Hong Kong in shock after worst violence in years
Are we witnessing the last gasp of democracy in Hong Kong? The city’s streets are a battlefield between police and protesters who accuse their leaders of caving in to the might of China.
“People started choking, crying and screaming. My throat was burning and my eyes tearing.”
BBC reporter Pody Lui was on the streets of Hong Kong yesterday, when anger over a new extradition bill spilled over into violence.
Hundreds of thousands of demonstrators blocked government buildings and seized control of major roads. Some hurled bricks. Others ran for cover in metro stations and shops as armoured police unleashed a storm of rubber bullets and tear gas.
As chaos reigned, legislators were forced to postpone a second reading of the bill, which would allow suspected criminals to be sent to mainland China to face trial. Nevertheless, it is expected to pass before the end of the month.
The protesters fear that, under the law, Beijing could arrest critics of China’s ruling Communist Party in Hong Kong, and detain them without a fair trial.
However, the bill’s supporters, including Hong Kong’s leader Carrie Lam, say that city’s courts will have a final say on granting requests, and that political suspects will not be extradited to China.
But the people of Hong Kong are not reassured.
“If I don’t come out this time, there might not be a next time,” said marcher Iris Tang. “I don’t accept the bill because Hong Kong will lose its freedoms.”
The protests, which began on Sunday, are Hong Kong’s largest since the student-led Umbrella Revolution of 2014, when over 100,000 demonstrators seized control of the city centre after Beijing was granted extra powers to screen political candidates.
In 1997, Britain handed Hong Kong back to China. However, under the “one country, two systems” principle, Hong Kong retains a large amount of independence and its citizens enjoy greater freedoms than those living on the mainland, including a free press, open internet and elected lawmakers. This status has allowed the city to develop into a cosmopolitan, financial hub.
Hong Kong’s special status is due to end in 2047, but Beijing doesn’t want to wait that long to assert its authority. Under President Xi Jinping, China is growing bolder and tightening its grip on the city.
Thirty years ago, China crushed pro-democracy protests in Tiananmen Square. Since then, China has only become less democratic. It censors what its citizens can read online. Critics are imprisoned or tortured. The western world may complain, but it won’t risk conflict with Beijing. An emboldened China will continue to chip away at rights in Hong Kong — and get away with it.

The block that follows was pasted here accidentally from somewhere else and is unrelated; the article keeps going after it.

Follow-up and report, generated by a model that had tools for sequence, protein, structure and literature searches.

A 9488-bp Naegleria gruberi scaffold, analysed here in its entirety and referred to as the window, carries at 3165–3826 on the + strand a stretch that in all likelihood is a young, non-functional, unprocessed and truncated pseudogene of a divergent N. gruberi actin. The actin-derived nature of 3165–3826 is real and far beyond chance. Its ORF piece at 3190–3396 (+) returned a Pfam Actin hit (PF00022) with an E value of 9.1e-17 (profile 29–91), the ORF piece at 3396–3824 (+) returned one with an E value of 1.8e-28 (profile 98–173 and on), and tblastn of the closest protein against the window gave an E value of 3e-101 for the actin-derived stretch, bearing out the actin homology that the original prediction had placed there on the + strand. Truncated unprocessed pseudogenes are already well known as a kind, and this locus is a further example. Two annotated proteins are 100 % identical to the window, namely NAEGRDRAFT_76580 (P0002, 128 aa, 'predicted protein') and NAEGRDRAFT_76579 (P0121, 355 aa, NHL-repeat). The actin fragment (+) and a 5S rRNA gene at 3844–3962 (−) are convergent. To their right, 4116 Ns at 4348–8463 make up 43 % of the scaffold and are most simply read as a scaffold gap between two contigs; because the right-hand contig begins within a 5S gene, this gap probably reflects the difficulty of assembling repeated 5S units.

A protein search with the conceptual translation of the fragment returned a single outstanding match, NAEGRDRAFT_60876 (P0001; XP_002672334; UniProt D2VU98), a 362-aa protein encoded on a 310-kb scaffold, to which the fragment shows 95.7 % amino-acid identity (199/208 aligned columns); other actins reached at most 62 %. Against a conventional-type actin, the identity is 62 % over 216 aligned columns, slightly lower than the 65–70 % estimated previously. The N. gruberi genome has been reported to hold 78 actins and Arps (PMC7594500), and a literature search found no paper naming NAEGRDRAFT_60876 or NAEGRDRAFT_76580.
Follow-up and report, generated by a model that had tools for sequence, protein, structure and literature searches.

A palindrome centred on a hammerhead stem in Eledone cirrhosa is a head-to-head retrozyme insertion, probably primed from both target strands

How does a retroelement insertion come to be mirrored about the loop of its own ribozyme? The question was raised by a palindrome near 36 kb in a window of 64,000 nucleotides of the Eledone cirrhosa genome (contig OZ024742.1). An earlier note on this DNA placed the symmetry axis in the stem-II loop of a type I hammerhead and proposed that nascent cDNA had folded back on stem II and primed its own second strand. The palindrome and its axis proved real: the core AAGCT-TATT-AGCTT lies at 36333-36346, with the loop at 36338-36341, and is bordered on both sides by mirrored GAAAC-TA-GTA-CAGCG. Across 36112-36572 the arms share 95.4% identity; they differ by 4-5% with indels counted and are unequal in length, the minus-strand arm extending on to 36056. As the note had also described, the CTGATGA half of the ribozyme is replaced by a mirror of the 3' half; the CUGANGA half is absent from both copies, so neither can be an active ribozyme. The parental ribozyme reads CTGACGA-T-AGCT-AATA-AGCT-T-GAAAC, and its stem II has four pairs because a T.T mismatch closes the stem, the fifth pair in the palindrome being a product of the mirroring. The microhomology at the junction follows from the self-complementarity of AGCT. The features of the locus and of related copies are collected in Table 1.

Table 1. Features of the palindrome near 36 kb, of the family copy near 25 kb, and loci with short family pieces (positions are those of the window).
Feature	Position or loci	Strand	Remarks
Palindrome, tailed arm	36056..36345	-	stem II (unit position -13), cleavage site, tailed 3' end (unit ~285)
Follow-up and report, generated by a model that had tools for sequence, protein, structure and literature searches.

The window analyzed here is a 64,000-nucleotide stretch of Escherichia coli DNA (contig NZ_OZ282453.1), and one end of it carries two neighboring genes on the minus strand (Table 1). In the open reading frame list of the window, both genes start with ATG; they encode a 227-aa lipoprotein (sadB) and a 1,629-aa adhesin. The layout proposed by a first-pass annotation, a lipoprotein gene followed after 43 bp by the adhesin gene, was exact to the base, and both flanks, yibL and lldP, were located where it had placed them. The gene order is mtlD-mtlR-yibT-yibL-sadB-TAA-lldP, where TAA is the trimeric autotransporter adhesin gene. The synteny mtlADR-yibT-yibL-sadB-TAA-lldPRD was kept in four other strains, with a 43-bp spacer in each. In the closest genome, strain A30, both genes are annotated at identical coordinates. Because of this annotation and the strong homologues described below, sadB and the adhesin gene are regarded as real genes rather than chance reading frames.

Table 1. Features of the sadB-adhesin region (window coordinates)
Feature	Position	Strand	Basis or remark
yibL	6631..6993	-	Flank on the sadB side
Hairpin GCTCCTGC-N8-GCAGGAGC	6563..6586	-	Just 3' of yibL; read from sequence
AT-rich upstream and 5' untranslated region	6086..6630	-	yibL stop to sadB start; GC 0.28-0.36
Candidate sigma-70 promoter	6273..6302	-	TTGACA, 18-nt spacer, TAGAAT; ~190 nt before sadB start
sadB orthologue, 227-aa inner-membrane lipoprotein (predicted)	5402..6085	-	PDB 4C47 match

But there is a hunger for democracy in Hong Kong, particularly among young people. This outpouring of anger was spontaneous and strong. Unlike the people of China, they have grown up with democratic freedoms and do not intend to give them up.
- Should western countries regard China as a hostile force?
- Is violent protest wrong?
- Without using a dictionary, write down short definitions for: “democracy”, “communism” and “independence”.
- Research the history of Hong Kong. Draw a timeline of key developments from 1842 when it first became part of the British empire.
Some People Say...
“Hong Kong has created one of the most successful societies on Earth.”Prince Charles
What do you think?
Q & A
- What do we know?
- Seven million people live in Hong Kong, an area smaller than Greater London. The new bill came after a 19-year-old Hong Kong man fled back to Hong Kong, after allegedly murdering his pregnant girlfriend while they were on holiday Taiwan together last year.
- What do we not know?
- Whether the huge protests will make any difference. The demonstrators succeeded in preventing the bill’s second reading, but the victory is likely to be short-lived. We don’t know about the consequences of the bill.
- To return someone convicted of a crime to the country where the crime was committed.
- Hundreds of thousands
- Organisers say that one million people attended Sunday’s march. Police say the figure was around 240,000. Either way, these have been some of the largest protests in Hong Kong’s history.
- Carrie Lam
- In a tearful interview yesterday, Lam denied that she has betrayed Hong Kong, arguing that she has made personal sacrifices for the city.
- Hong Kong was a British colony between 1841 and 1997. The transfer to China was widely seen as marking the end of the British Empire.
- The “one country, two systems” arrangement is due to expire in 2047, 50 years after the end of British rule. Many in Hong Kong fear they will be deprived of their independence from the Chinese mainland at this point.
- Xi Jinping
- In March 2018, Xi changed his party’s rules to remove a two-term presidential limit. He can now effectively remain as president for life.
- Tiananmen Square
- Hundreds of protesters were killed when the Chinese military fired on them in the Beijing square.